Riparian-wetland areas are some of the most productive resources found on public and private lands. They are highly prized for their recreation, fish and wildlife, water supply, cultural, and historic values, as well as for their economic values, which stem from their use for livestock production, timber harvest, and mineral extraction.
Proper functioning condition (PFC) is a qualitative method for assessing the condition of riparian-wetland areas. The term PFC is used to describe both the assessment process, and a defined, on-the-ground condition of a riparian-wetland area.
The PFC assessment refers to a consistent approach for considering hydrology, vegetation, and erosion/deposition (soils) attributes and processes to assess the condition of riparian-wetland areas. A checklist is used for the PFC assessment (Adobe PDF 153k) which synthesizes information that is foundational to determining the overall health of a riparian-wetland system. The on-the-ground condition termed PFC refers to how well the physical processes are functioning. PFC is a state of resiliency that will allow a riparian-wetland area to hold together during high-flow events with a high degree of reliability. This resiliency allows an area to then produce desired values, such as fish habitat, neotropical bird habitat, or forage, over time. Riparian-wetland areas that are not functioning properly cannot sustain these values.
PFC is a qualitative assessment based on quantitative science. The PFC assessment is intended to be performed by an interdisciplinary (ID) team with local, on-the-ground experience in the kind of quantitative sampling techniques that support the PFC checklist. These quantitative techniques are encouraged in conjunction with the PFC assessment for individual calibration, where answers are uncertain, or where experience is limited. PFC is also an appropriate starting point for determining and prioritizing the type and location of quantitative inventory or monitoring necessary. The PFC assessment has also proven to be an excellent communication tool for bringing a wide diversity of publics to agreement. This process forms a "common vocabulary" for identifying the building blocks for the development of desired condition and resulting values. Again, the method developed for assessing PFC is qualitative and is based on using a checklist to make a relatively quick determination of condition.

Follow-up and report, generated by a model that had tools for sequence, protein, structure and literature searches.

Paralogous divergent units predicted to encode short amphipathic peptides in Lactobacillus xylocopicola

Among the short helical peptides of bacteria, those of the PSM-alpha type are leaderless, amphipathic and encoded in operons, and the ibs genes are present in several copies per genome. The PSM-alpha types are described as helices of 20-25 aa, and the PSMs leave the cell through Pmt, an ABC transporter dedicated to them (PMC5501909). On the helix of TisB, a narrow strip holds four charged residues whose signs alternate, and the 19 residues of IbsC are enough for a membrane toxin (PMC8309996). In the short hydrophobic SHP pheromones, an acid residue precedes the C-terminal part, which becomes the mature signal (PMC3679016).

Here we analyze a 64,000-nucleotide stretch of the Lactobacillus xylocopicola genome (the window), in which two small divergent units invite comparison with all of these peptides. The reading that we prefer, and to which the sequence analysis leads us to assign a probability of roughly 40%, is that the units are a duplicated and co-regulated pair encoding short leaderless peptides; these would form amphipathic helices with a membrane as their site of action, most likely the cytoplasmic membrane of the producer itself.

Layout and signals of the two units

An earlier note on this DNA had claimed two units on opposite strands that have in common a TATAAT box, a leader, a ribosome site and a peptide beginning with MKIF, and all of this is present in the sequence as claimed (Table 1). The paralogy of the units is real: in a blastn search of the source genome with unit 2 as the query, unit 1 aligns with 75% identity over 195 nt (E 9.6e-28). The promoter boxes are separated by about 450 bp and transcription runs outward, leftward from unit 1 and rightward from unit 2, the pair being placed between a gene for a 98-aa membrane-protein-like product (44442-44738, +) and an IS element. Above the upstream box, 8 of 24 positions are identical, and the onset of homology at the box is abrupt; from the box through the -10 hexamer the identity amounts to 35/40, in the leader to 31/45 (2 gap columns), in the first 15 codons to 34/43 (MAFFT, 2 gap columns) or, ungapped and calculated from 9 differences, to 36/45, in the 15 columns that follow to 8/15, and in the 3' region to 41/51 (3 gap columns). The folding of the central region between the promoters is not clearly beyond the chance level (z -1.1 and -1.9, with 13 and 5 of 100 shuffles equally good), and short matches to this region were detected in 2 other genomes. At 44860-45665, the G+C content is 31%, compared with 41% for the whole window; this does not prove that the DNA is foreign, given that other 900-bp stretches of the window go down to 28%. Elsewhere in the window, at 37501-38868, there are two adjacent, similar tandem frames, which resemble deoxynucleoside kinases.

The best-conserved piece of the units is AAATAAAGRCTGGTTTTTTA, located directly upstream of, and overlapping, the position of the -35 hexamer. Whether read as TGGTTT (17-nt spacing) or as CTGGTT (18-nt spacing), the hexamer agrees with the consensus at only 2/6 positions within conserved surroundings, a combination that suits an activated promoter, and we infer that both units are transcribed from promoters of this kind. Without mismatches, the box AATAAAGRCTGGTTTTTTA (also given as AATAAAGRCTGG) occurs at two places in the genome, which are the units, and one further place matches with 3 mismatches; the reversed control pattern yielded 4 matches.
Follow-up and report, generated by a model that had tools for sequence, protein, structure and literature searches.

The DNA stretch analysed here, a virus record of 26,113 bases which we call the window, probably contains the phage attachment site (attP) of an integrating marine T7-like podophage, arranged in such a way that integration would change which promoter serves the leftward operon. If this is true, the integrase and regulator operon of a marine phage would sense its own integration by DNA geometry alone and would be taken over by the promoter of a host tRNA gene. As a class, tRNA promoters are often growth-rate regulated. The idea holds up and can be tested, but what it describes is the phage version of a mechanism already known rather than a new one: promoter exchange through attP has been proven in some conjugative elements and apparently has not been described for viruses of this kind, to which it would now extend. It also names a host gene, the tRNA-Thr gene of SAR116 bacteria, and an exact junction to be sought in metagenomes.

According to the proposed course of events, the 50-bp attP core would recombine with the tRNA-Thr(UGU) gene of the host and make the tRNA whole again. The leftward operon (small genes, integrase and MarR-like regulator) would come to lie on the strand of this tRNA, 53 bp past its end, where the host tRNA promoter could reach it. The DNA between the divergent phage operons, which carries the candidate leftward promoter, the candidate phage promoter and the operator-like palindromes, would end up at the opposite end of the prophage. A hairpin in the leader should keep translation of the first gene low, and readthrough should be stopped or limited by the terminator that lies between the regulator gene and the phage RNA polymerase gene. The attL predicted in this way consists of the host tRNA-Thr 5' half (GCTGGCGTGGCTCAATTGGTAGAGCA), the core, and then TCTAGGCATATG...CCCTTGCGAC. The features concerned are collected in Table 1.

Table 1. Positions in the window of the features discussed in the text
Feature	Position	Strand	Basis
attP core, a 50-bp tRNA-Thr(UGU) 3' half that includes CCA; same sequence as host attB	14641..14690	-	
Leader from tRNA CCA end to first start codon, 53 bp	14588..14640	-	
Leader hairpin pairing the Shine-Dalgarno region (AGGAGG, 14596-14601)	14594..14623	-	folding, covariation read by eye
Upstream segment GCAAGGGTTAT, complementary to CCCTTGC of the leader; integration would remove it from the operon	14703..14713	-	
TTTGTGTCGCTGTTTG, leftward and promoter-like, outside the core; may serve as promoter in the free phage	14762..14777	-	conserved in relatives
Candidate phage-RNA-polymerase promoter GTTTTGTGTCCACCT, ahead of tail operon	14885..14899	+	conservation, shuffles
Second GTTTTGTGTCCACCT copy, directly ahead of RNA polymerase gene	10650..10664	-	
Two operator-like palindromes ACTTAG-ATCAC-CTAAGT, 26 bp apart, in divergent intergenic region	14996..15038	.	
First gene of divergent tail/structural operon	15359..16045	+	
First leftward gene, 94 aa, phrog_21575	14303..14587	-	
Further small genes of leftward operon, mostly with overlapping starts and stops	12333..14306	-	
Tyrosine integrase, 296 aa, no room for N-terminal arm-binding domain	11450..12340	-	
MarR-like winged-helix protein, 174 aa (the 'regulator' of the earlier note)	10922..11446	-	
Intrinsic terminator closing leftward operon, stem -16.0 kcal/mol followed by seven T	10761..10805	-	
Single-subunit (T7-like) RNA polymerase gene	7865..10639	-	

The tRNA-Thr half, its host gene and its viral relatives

Upland Rangeland Health:
Qualitative assessments of rangeland health provide land managers and technical assistance specialists with a good communication tool for use with the public. Many of these tools have been used successfully for this purpose over the past 100 years. This technique, in association with quantitative monitoring and inventory information, can be used to provide early warnings of resource problems on upland rangelands. Rangelands are defined as "land on which the indigenous vegetation (climax or natural potential) is predominantly grasses, grass-like plants, forbs, or shrubs and is managed as a natural ecosystem. If plants are introduced, they are managed similarly.
The approach described in this technical reference is designed to:
- Be used only by knowledgeable, experienced people.
- Provide a preliminary evaluation of soil/site stability, hydrologic function, and integrity of the biotic community (at the ecological site level).
- Help land managers identify areas that are potentially at risk of degradation.
- Provide early warnings of potential problems and opportunities.
- Be used to communicate fundamental ecological concepts to a wide variety of audiences in the field.
- Improve communication among interest groups by focusing discussion on critical ecosystem properties and processes.
- Select monitoring sites in the development of monitoring programs.
- Help understand and communicate rangeland health issues.
The approach is NOT to be used to:
- Identify the cause(s) of resource problems.
- Make grazing and other management decisions.
- Monitor land or determine trend.
- Independently generate national or regional assessments of rangeland health.
This procedure has been developed for use by experienced, knowledgeable land managers. It is not intended that this assessment procedure be used by individuals who do not have experience or knowledge of the rangeland ecological sites they are evaluating. This approach requires a good understanding of ecological processes, vegetation, and soils for each of the sites to which it is applied. Furthermore, as comprehensive ecological site descriptions (which are used for reference) are not available for most sites, the user is frequently required to generate reference information based on their knowledge of the range of spatial and temporal variability apparent in a particular ecological site. This will frequently require two or more individuals (e.g., ecologist and soil scientist) to work together to make the evaluation